As we grow older the world of children’s literature grows with us.  We begin to have complex thoughts so Charlie and the Chocolate Factory with its charm and wit appeals to us.  We make friends, some of which will be life long and so The Wind in the Willows by Kenneth Graham makes sense to us as there are no better friends in literature then Mole Rat Toad and Badger.  Our minds begin to solve problems and we begin to learn more complex math and language skills.  Even at this stage there is a book, The Phantom Tollbooth by Norton Juster.

Most of the books mentioned in the last paragraph, in fact I think all of the books in this Blog have been made into movies, but they weren’t good movies.  The screen writers took liberties with all the books and cut out some of the best parts.  There is a stop motion animation version of The Wind in the Willows that is well worth seeing.  And the 1970s adaptation of Tom Sawyer with Johnny Whittaker is also worth watching.  Still parts are left out and there is nothing like the book.

One book that captured my imagination in the fifth grad was My Side of the Mountain by Jean George.  Sam Gribley, a city born boy, learns to live on the land his grandfather bought in the Catskill Mountains.  That book was mostly novel, but it also taught you how to fish and other practical camping secrets.  I am no great outdoorsman, but I love a good adventure and Sam striking out on his own, building a house inside a tree and taming a falcon to help him hunt food had everything a boy could want.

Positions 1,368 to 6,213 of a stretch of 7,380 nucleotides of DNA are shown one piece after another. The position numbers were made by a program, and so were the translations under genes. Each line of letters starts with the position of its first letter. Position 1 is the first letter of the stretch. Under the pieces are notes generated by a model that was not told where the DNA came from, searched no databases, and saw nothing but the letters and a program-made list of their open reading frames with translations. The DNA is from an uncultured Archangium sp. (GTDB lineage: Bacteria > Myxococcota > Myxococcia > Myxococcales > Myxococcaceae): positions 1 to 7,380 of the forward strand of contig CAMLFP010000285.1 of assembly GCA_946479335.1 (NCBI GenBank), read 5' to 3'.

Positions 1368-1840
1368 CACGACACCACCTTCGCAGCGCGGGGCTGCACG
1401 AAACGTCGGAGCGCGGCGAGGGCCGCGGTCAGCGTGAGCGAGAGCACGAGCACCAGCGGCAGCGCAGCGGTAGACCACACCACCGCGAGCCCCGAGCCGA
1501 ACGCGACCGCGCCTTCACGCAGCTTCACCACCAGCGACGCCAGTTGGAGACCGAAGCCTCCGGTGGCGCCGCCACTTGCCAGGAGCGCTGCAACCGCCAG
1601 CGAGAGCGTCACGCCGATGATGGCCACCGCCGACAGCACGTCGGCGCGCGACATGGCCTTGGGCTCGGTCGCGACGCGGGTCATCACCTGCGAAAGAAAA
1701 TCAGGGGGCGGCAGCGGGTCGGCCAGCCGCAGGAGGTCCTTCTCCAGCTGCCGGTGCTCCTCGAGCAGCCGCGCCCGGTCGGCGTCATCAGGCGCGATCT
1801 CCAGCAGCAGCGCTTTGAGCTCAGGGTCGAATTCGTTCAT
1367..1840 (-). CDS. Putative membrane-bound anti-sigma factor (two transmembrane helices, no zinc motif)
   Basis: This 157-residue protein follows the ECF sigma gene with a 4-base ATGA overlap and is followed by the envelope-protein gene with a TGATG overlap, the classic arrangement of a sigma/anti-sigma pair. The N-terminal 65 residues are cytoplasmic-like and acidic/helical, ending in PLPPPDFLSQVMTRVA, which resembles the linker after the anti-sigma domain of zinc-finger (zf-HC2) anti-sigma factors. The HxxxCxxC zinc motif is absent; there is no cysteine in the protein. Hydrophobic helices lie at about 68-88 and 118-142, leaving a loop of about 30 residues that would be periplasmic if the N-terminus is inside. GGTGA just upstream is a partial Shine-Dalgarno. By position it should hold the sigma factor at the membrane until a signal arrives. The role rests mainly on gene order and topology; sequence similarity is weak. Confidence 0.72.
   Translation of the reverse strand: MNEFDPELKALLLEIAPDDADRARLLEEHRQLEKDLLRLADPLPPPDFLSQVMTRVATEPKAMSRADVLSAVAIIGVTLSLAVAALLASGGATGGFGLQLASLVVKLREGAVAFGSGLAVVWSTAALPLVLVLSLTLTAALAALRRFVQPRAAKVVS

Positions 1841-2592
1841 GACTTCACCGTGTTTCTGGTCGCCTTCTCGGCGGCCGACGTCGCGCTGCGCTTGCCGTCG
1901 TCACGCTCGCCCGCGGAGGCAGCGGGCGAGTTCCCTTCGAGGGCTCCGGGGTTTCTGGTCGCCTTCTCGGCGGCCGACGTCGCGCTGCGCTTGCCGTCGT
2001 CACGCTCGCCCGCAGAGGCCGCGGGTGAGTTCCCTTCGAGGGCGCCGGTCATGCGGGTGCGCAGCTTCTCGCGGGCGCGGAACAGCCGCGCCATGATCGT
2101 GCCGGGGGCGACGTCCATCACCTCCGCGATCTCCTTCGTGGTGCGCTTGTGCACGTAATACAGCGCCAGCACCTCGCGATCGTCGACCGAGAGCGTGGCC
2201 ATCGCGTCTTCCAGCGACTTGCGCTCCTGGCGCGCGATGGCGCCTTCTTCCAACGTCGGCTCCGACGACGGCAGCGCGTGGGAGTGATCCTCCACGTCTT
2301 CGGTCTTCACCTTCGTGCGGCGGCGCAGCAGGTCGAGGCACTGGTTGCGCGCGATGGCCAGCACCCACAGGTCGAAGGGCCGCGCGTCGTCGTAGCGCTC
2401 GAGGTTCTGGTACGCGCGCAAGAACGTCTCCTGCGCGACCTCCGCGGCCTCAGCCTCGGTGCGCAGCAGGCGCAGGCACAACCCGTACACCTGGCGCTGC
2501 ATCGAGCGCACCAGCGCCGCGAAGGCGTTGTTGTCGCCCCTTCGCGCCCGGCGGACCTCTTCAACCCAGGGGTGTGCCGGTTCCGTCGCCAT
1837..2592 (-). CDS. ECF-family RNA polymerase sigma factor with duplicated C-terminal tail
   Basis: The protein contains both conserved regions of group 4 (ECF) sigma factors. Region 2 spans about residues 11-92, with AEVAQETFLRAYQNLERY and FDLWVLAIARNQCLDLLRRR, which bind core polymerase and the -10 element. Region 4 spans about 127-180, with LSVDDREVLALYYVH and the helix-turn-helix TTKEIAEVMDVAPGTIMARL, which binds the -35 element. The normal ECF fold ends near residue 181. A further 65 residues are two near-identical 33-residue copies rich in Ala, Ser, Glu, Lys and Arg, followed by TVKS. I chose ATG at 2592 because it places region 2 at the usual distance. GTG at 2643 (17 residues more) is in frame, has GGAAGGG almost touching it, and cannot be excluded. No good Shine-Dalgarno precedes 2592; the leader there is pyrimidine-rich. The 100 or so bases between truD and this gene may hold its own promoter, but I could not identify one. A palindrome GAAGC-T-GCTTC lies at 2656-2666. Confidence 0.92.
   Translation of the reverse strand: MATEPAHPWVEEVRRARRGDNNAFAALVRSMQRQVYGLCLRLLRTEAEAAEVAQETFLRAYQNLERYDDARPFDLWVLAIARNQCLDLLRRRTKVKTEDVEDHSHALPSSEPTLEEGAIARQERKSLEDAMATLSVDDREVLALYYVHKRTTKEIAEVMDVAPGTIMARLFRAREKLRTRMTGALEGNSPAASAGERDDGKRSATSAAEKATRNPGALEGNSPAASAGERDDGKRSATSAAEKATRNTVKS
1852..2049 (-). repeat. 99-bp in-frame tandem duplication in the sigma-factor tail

There are other books that I wish I had read when I was younger but was glad, I discovered them as an adult.  Little Women by Louisa May Alcott is a great American novel.  I don’t really see it as a book for children alone.  It is about four sisters growing up and sharing hard times as well as fighting and making up.  It’s really about the idea that if real love exists in a family, you can conquer the worst of times.

The Secret Garden by Frances Hodgson Burnett is another book that teaches fundamentals of life.  Those lessons are that hard work, and healthy habits are what you need to lead a good life.  It helps that it is set in an old castle on the desolate Yorkshire moors with strange secrets.

Robert Lewis Stevenson gave us the greatest high seas adventure of all time when he wrote Treasure Island.  Treasure maps, pirates, tall ships, men with one eye or leg and black spots thrill the imagination.  There is a very good film version of this book starring Christian Bale and Charlton Heston.  I still believe it is more fun to read the book first and see the film afterward.